New Territory, Texas

From Wikipedia, the free encyclopedia
Jump to: navigation, search
New Territory, Texas
Census-designated place
NewTerritoryTX0.jpg
FortBend County NewTerritory.svg
Coordinates: 29°35′41″N 95°40′39″W / 29.59472°N 95.67750°W / 29.59472; -95.67750Coordinates: 29°35′41″N 95°40′39″W / 29.59472°N 95.67750°W / 29.59472; -95.67750
Country United States
State Texas
County Fort Bend
Area
 • Total 4.78 sq mi (12.38 km2)
 • Land 4.64 sq mi (12.01 km2)
 • Water 0.14 sq mi (0.37 km2)
Elevation 75 ft (23 m)
Population (2010)
 • Total 15,186
 • Density 3,274/sq mi (1,264.0/km2)
Time zone Central (CST) (UTC-6)
 • Summer (DST) CDT (UTC-5)
FIPS code 48-51366[1]
GNIS feature ID 1852742[2]

New Territory is a census-designated place (CDP) and master-planned community within the extraterritorial jurisdiction of Sugar Land in Fort Bend County, Texas, United States. The population was 15,186 at the 2010 census,[3] up from 13,861 at the 2000 census.

History[edit]

New Territory opened in 1989.[4] In November 2016 the Sugar Land city council voted in favor of the city annexing New Territory, along with Greatwood, by the end of 2017.[5]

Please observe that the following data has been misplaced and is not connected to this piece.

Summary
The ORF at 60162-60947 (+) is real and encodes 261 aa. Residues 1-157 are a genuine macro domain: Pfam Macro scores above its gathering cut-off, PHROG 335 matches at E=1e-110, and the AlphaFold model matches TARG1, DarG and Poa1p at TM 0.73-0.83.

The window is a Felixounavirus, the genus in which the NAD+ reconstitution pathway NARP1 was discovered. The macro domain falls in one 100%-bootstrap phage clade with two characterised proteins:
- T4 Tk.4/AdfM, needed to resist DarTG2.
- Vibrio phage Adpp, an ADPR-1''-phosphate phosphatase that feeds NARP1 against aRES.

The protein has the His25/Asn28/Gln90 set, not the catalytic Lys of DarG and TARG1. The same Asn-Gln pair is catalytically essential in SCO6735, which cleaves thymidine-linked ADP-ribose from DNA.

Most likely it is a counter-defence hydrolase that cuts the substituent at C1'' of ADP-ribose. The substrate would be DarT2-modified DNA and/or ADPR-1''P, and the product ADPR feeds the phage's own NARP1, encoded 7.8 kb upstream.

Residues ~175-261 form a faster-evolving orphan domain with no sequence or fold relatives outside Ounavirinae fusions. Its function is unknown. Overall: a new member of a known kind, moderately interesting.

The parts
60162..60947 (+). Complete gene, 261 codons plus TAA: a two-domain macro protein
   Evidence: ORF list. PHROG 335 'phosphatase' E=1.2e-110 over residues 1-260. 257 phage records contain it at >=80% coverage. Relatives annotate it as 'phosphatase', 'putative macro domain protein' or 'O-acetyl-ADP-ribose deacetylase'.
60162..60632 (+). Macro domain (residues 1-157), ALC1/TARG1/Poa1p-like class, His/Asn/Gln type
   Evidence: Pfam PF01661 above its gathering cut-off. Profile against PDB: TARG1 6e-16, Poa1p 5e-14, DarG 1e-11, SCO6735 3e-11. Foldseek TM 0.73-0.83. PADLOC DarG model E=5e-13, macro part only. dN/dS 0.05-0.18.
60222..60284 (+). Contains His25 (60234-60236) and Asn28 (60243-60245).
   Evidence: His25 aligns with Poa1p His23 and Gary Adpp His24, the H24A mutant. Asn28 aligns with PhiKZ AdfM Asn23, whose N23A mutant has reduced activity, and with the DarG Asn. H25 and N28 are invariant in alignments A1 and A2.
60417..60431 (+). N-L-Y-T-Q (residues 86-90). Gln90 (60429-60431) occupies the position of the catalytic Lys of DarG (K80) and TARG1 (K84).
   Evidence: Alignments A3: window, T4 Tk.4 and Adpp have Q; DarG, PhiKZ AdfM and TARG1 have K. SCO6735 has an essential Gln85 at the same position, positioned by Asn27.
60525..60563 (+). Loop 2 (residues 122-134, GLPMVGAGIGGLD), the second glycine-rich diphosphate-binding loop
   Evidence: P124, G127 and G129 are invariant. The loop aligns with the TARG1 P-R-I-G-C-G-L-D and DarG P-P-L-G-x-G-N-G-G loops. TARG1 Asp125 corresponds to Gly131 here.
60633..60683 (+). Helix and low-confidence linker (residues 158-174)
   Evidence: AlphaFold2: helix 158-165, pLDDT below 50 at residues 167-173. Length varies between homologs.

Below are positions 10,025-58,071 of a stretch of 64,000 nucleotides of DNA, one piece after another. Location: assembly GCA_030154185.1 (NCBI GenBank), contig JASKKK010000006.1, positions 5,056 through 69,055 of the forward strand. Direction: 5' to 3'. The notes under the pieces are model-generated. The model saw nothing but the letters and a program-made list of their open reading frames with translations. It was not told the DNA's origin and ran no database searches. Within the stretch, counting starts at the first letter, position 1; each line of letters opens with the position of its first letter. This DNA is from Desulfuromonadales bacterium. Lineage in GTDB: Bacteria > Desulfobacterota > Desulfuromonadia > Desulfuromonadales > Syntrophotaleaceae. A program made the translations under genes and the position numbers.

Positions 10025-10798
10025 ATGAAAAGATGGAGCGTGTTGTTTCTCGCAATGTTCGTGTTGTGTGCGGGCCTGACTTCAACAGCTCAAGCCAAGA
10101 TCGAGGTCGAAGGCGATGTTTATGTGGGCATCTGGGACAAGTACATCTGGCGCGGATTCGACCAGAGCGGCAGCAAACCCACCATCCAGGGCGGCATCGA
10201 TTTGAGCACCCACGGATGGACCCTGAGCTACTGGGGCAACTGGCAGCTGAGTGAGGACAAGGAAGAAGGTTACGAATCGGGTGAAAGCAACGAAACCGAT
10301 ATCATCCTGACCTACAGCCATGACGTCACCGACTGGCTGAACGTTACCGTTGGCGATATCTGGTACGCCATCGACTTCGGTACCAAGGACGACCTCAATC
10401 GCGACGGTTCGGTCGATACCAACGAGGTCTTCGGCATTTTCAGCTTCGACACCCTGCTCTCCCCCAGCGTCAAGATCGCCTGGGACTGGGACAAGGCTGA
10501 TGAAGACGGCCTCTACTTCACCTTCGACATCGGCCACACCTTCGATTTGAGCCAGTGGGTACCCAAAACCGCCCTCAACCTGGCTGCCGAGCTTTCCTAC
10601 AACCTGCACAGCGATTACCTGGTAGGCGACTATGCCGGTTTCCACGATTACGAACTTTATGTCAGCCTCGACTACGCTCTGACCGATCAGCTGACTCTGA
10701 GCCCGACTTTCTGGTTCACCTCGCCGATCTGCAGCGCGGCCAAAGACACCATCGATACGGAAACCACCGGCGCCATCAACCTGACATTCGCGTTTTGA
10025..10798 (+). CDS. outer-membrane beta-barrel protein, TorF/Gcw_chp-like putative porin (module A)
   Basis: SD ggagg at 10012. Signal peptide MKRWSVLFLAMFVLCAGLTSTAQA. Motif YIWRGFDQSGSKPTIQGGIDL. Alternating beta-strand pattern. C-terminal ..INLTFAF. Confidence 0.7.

Geography[edit]

Map of New Territory

New Territory is located in eastern Fort Bend County at 29°35′41″N 95°40′39″W / 29.59472°N 95.67750°W / 29.59472; -95.67750 (29.594657, -95.677561).[6] It is bordered to the east and south by the city limits of Sugar Land. The Brazos River forms part of the southern boundary of the CDP. U.S. Route 90 forms the northern edge of the CDP.

According to the United States Census Bureau, the New Territory CDP has a total area of 4.8 square miles (12.4 km2), of which 4.6 square miles (12.0 km2) is land and 0.2 square miles (0.4 km2), or 2.96%, is water.[3]

Demographics[edit]

As of the census[1] of 2000, there were 13,861 people, 3,708 households, and 3,422 families residing in the CDP. The population density was 2,746.1 people per square mile (1,059.8/km²). There were 3,805 housing units at an average density of 753.8/sq mi (290.9/km²). The racial makeup of the CDP was 57.56% White, 10.02% African American, 0.22% Native American, 26.07% Asian, 0.04% Pacific Islander, 3.14% from other races, and 2.94% from two or more races. Hispanic or Latino of any race were 8.35% of the population.